11: For a Father’s Approval
“It looks like a monument,” said Vesperia, as the girls regrouped.
“Oh no.” Elizabeth’s dug her nails into Astrid’s skin. “This must be where they pray to the Agnoia. Those filthy rats sneak in beneath our noses and use this place to—to summon their evil gods! We should go somewhere else. Anywhere else.”
Her theory certainly fit with the Aristocracy’s teachings, or at least what little the girls’ rating of Second Emanation disclosed, but Astrid knew there was more to it than that. Her father had told her so much, in his usual vague and indirect way. If it wasn’t for her fear of exposing him as a heretic — at least as far as the Founding Fathers were concerned — she would have shared his wisdom with Elizabeth. Instead, all she could do to comfort her friend was to keep a hold of her, to be there at her side.
As Vesperia scouted out the courtyard, they took shelter in a nearby porch. Astrid tested the door handle, but it was locked.
“I bet they still live here,” whispered Elizabeth. “We’d do well to raze this thing to the ground.”
“With what?” asked Astrid.
Vesperia returned with news that the courtyard was clear, but there was no sign of their crystals. “However, I do think you should take a look at the monument,” she said. “I do not think it an altar to any god.”
Despite Elizabeth’s apprehensions, Astrid decided to indulge her friend. The obelisk looked smaller up close than it did from a distance, its light seeming to dim the closer they got, never too bright to blind them but always enough to illuminate the immediate surroundings. Astrid figured it made from some kind of synthetic, bioluminescent stone. A list of names adorned all four sides. Some of them Astrid recognised — Armstrong, Eoghan, Ritches, Thorbjorn. Seelie names. The names of the dead.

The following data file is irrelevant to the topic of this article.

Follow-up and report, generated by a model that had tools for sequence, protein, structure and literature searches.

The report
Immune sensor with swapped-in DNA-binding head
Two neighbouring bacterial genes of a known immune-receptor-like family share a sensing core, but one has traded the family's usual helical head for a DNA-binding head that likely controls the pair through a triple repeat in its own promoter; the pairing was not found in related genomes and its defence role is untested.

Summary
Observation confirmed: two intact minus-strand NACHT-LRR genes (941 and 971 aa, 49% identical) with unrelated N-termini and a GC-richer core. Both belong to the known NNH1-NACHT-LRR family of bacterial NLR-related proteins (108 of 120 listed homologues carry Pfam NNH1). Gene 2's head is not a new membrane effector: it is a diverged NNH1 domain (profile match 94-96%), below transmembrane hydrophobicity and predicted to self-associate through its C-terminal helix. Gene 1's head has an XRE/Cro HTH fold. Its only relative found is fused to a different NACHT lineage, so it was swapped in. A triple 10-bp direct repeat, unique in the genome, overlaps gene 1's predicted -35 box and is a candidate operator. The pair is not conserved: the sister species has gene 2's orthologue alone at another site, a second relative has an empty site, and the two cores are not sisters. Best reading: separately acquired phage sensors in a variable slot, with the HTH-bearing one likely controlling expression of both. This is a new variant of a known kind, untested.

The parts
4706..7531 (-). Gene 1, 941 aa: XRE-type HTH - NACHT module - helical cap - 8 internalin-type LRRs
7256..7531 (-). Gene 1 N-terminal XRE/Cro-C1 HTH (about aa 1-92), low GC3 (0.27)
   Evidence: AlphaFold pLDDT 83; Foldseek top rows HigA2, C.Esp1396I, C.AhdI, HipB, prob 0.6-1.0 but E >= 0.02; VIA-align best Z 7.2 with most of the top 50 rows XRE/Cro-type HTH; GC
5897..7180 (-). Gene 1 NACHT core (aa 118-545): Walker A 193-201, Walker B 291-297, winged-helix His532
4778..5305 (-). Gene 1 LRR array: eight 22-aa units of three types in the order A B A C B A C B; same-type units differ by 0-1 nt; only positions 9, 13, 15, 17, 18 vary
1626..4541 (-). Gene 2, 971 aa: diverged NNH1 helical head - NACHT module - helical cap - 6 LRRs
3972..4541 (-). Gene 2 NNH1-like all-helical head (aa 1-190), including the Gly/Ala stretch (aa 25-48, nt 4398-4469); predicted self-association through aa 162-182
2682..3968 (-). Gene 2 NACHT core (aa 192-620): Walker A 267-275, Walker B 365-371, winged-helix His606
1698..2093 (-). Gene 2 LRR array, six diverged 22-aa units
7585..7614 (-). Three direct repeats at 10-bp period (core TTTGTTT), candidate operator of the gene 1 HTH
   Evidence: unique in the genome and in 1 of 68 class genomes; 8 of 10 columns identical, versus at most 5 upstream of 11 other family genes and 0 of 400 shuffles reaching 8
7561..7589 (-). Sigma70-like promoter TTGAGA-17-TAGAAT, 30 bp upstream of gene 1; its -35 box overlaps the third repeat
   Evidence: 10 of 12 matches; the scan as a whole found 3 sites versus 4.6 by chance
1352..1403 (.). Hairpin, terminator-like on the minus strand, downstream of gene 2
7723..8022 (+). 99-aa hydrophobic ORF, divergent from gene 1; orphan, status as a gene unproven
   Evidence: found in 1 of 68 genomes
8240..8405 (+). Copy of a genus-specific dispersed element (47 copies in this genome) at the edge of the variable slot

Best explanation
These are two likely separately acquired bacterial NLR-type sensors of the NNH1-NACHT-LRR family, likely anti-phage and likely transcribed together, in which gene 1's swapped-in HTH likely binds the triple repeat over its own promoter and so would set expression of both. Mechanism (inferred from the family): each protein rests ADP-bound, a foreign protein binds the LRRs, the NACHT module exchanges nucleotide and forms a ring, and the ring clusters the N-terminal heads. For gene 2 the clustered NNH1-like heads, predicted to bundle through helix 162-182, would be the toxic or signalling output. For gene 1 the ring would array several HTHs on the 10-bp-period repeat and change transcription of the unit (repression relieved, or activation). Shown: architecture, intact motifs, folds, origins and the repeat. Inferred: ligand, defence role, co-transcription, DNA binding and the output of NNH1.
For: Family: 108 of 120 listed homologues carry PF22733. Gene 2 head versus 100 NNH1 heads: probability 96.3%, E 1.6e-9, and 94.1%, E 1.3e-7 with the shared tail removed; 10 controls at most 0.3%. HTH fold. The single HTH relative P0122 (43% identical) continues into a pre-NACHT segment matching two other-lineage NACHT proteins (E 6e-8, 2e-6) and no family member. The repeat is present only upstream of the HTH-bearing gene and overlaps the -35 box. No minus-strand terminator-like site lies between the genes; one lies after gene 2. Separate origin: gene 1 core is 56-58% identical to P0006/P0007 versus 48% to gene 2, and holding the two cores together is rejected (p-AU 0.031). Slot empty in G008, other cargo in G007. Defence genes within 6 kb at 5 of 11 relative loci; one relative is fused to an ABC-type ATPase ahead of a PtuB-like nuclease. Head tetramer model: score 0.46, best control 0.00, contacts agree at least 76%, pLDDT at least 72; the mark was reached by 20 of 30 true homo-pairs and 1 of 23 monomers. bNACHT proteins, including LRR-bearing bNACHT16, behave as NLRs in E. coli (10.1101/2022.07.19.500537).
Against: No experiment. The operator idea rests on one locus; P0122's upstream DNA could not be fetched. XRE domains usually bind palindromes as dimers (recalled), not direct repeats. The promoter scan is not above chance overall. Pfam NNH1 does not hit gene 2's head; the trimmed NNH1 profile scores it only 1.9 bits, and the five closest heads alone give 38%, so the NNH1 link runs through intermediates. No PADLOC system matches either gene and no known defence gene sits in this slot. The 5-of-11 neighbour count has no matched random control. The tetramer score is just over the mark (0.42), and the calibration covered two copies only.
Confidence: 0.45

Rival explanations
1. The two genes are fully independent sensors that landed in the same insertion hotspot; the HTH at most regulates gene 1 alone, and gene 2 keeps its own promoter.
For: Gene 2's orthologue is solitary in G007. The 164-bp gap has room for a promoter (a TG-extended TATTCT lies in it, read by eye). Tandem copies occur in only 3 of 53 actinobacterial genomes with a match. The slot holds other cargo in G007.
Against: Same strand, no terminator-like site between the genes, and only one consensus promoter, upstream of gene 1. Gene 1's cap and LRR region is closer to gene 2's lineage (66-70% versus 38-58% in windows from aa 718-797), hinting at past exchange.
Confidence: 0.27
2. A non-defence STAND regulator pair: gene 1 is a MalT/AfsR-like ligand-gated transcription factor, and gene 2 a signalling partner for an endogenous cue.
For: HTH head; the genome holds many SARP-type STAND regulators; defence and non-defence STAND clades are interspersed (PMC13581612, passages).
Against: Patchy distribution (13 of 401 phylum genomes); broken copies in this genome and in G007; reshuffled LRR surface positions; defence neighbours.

“No doubt they were fools who sacrificed themselves to the Agnoia,” said Elizabeth. “Just like those Donaran witches.”
“Is that so?”
The girls turned in unison. There stood Ceres Mendoza, appearing as if from nowhere, her scowl one of utter contempt. She held a knife in her hand.
“Would you like to say that to my face, Lizzie?”
Director Guirlande sat back and closed his eyes. His weathered features, cracked and worn like the cover of an old tome, betrayed no hint of what he saw in Rembrandt Payne’s message. He almost looked as if he had fallen into an afternoon snooze — but then his eyes snapped open, a pair of ice-blue daggers that fixed upon Lord York with unnerving intensity. Oscar trembled.
“And you would have me take action, I presume?” said the Director. He had a low, gravelly voice with pitch-perfect enunciation, yet his lips hardly seemed to move.
“Of course I would!” Lord York spluttered in disbelief. “This proves Seelie is as wretched and corrupt as the Donara, just as we always knew they were.”
Oscar kept to his father’s shadow. He felt more like an aide — like the turquoise-haired Donaran boy stood at the Director’s side — than the noble who had delivered the means of Seelie’s destruction. Just as his father hoarded the young and pretty servants while fostering the old and infirm upon his son, so too had he taken Oscar’s greatest accomplishment for his own. Was it any wonder Alexis abandoned them?
“The Donara harboured renegades,” said the Director. He was too calm, too sure of himself. Oscar’s eyes twitched from one corner of the office to other, expecting to find Astrid Guirlande mocking smirk looking back at him, but, other than the Director’s aide, they were alone.
The Founding Fathers decided that Truth was too dangerous for the peons, so you had better earn your right to know it!